Founders leave IASG board, seek buy back
ALBANY, N.Y.--Founders of Integrated Alarm Services Group Tim McGinn and Tom Few will attempt to purchase the publicly traded company after stepping down from the board of directors June 15.
The shareholder group collectively owns 10.49 percent of IASG and filed a joint filing and solicitations agreement to solicit proxies for the approval of its proposals to capitalize shareholder value through an acquisition, according to a filing with the U.S. Securities and Exchange Commission in June.
Former chairman and chief executive officer McGinn and former chief operating officer Few were removed from their positions by the company's board this spring.
During that same week, the holding company for Criticom International elected Jason Mudrick, a portfolio manager at hedge fund firm Contrarian Capital Management, to sit on the board of directors.
In November, Contrarian, owning 13 percent of the company, addressed IASG in a letter from Mudrick about the company's financial struggles and advised that the company sell. The plea from the company's largest shareholder provoked IASG to examine its business strategy by hiring an independent investment bank, Allen & Company.
Now that the board has received the Allen & Company report, which reviews strategic options for the company, Charles May, chief executive officer, said, "There is always a possibility that it is the best move for the company to sell. If these people feel they can do a better job this time around, and if they can come up with the money, then they should make an offer."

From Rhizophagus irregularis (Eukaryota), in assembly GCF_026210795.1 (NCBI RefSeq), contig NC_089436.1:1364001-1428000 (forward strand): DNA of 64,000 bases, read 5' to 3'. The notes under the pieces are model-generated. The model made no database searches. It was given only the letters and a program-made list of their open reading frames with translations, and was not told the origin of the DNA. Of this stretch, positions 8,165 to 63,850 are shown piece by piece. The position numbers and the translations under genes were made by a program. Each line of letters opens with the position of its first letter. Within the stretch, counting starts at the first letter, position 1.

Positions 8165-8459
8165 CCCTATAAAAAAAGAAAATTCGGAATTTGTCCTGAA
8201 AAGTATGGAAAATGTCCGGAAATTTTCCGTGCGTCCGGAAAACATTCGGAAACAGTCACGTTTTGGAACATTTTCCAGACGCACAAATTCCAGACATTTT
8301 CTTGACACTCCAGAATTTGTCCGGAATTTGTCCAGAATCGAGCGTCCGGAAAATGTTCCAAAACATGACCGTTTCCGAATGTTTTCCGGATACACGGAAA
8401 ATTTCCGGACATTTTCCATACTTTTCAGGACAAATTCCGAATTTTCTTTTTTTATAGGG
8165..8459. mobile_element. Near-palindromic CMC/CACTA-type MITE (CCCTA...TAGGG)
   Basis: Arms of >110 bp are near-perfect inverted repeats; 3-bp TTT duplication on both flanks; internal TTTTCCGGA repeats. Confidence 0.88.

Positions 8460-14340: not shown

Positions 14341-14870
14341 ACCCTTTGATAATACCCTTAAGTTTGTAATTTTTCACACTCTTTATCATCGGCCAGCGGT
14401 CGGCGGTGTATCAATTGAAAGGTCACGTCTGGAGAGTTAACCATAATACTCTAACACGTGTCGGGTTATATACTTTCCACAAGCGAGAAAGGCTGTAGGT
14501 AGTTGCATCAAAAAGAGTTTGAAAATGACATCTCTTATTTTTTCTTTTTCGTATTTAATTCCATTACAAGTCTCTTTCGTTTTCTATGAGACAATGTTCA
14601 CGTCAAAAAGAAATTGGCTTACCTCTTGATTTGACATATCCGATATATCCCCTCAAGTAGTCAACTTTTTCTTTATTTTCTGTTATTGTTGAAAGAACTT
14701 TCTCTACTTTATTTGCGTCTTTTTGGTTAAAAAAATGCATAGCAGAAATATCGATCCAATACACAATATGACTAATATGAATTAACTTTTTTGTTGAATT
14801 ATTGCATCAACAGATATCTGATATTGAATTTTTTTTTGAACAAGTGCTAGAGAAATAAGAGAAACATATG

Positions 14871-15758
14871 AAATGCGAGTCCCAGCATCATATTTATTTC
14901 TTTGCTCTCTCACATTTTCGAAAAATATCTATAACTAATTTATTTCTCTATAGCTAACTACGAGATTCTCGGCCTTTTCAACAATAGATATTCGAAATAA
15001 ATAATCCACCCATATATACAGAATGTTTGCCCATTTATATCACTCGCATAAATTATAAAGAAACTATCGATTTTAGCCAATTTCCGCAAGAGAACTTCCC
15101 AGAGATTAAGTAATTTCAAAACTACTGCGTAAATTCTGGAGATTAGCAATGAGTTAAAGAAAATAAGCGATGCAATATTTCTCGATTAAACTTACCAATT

Jack Mallon, managing director of investment bank Mallon Associates, said, "Obviously there is an ongoing dispute between the two factions to control the company. Contrarian won, in a sense." Mallon added, the question really is "whether Contrarian forced the resignation of the board in a final step in disassociating them from the management of the company, or whether McGinn and Few decided it would be in their best interest to not be members of the board while they were attempting to buy back the company."
However, Joe Reinhart, investor relations representative for IASG, said the addition of Mudrick to the board has no effect on the company's plans to sell. "Certainly, the board of directors, including our newest director, are interested in increasing shareholder value," Reinhart said.
Mallon said, whether part of the board or not, the influence of the investor company was very apparent. "The largest shareholder has been able to effectuate these changes ... not from the vantage point of a board member but as a dominant shareholder. So his being on the board makes it more visible, but not necessarily more influential."